Michael Moore, from our People Services team, was lucky enough to be selected to carry the Olympic Torch when it arrived in the North East last week. Here he talks about this amazing, once in a lifetime experience.
Wow, what an amazing Friday I had down on the sea front at Whitley Bay in the North East of England.
I’ve lived in the area for over 25 years and I’ve never seen so many people down on the sea front as I did on Friday 15 June. The Olympic Torch Relay came to my town and I was part of this amazing spectacle.
How did I find out?
I can still remember the day when my colleague advised that she would like me to represent Sage by carrying the Olympic Torch.
We sat just outside our office and she said “I’d like to know if you would represent Sage during the Olympic Torch Relay, by carrying it along one of the stages”. Well, I nearly fell off my seat and eventually picked my jaw off the floor.
It was a simple answer “Yes!!!”
So why me?
Since joining Sage in March 1999, I’ve been heavily involved in the community aspect of what we do as a business, from being part of the team setting up our first Tyne & Wear Community Foundation Panel in 2002, through being our first CSR person and setting the processes up that have continued and grown CSR to all the activities we do today.
Outside of Sage, I’ve always been an active fundraiser for local and national charities, having completed in marathons and half marathons over the years and raised in access of £7,000. In my spare time (not much of that) I’ve coached junior football for the past 6 years, giving my time up on an evening and weekend to develop boys from the ages of 8 through to 15, even missing my own son’s football development to coach others.
On the day?
I’d received my information pack the week before and I had to meet at Blyth Sports Centre for 11.45am, although I wasn’t running until 2.16pm in Whitley Bay.
I arrived nice and early and the crowds had already started to form. The car park was amazing with many branded and Olympic official vehicles, along with what looked like half the Police vehicles in the region.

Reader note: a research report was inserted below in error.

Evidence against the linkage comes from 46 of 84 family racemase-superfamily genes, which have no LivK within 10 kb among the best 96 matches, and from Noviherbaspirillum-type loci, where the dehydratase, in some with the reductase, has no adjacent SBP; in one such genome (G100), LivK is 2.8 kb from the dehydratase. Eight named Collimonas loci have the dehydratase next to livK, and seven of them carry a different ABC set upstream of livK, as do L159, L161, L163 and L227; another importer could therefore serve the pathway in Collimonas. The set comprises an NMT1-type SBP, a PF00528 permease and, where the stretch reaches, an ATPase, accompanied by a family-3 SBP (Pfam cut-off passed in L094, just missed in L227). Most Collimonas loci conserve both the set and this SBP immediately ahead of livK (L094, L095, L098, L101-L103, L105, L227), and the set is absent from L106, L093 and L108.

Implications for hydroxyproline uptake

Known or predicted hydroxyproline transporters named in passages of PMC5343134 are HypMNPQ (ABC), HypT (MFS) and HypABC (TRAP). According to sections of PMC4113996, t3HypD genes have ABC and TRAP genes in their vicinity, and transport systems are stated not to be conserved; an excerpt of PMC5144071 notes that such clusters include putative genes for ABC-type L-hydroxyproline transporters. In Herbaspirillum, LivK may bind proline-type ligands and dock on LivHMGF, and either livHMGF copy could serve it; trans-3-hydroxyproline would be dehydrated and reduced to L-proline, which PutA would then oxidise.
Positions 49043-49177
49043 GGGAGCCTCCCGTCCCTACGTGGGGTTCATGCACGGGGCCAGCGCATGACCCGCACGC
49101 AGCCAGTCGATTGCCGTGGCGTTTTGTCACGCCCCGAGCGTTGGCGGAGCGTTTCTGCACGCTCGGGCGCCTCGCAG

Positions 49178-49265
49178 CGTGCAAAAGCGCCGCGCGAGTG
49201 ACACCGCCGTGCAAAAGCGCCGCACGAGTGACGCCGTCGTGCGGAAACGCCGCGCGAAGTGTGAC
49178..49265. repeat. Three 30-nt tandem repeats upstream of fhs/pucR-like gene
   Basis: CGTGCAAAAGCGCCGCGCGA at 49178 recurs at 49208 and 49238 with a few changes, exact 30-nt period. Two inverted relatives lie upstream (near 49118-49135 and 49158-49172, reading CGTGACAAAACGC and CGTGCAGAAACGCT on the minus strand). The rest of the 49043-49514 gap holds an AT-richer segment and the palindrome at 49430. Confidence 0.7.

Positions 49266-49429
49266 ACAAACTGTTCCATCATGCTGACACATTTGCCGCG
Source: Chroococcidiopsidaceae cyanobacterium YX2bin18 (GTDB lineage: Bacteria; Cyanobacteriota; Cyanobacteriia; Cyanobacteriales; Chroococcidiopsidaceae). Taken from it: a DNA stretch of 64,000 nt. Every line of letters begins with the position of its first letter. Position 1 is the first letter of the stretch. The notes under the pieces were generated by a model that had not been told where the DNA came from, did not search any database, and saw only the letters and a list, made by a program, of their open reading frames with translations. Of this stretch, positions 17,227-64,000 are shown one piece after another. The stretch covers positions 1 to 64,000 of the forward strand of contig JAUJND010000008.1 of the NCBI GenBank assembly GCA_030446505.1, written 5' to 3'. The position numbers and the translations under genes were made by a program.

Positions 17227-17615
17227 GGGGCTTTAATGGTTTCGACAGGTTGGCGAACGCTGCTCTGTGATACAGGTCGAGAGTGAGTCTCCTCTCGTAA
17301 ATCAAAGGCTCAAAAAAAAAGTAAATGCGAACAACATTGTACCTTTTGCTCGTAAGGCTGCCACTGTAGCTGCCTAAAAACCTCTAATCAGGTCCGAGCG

My stomach was now getting butterflies.
I went into the main reception area and was then directed to the “Torch Bearers Meeting Area” upstairs, which was already filled with 12 other people as lucky as me, along with our guides for the day. They checked my passport to make sure I was who I said I was and then it was time to start swapping stories and chilling out, taking photos with the torch.
On to the bus we got taken to our drop off points along the afternoon’s route from Blyth to Tynemouth. As we pulled out of the car park, the crowds were even bigger than before and we all looked at each other and said “Oh my goodness, what an amazing scene and I feel like a celebrity,” as we waved and smiled to them all along the route.
We eventually got to my spot around 2.05pm and as I was dropped off, there was my wife and son, along with my dad and father-in-law. The roar went up as I stepped off the bus and everyone started shouting, screaming and clapping. It was how imagined a sports person must feel as they come out for their event.
I really played the crowd; going around with the torch, letting people have their photos taken with it and even just stroking it seemed to please people.
At 2.16pm the police officer shouted me over, as my fellow torch bearer was coming into site and I needed to be in place to receive the Olympic flame in the now famous “Kiss” of the torches. My torch was lit and the police officer touched me on the back and said “You’re ready to go; enjoy the moment”. I will never forget those words.
So off I set at a very slow pace, with hundreds of people on both sides of the road including my work colleagues and also my friends from my local running club, North Shields Poly. Everyone was clapping and screaming out my name. It was truly amazing.
I felt like I was gliding along to road and what seemed to take ages to get to Jordan, my fellow torch bearer. The experience was amazing and truly inspirational. A once in a life time moment.
We again did the “Kiss” of the torches and then off he went. For me the moment was over, but I was interviewed very quickly and then back onto the torch bearers bus. Stepping back onto the bus, everyone clapped me back on and we all said the same thing each time “Wow that was amazing, can I do it again!!”
We continued along the route of the torch, waving and smiling to the crowds of people along the route and spotting work colleagues along the way. After picking up our last torch bearer in Tynemouth we headed back on the bus to Blyth, where we waited around 15 minutes to have our torches decommissioned and then we were free to go home to our family and friends.
How to describe the day and opportunity. I can’t in one word, as it’s something that you can only describe in the words above. But it was truly inspiring, a once in a life time opportunity and something I can only thank Sage for giving me the opportunity to do.
Thank you Sage!
Michael Moore, People Services Team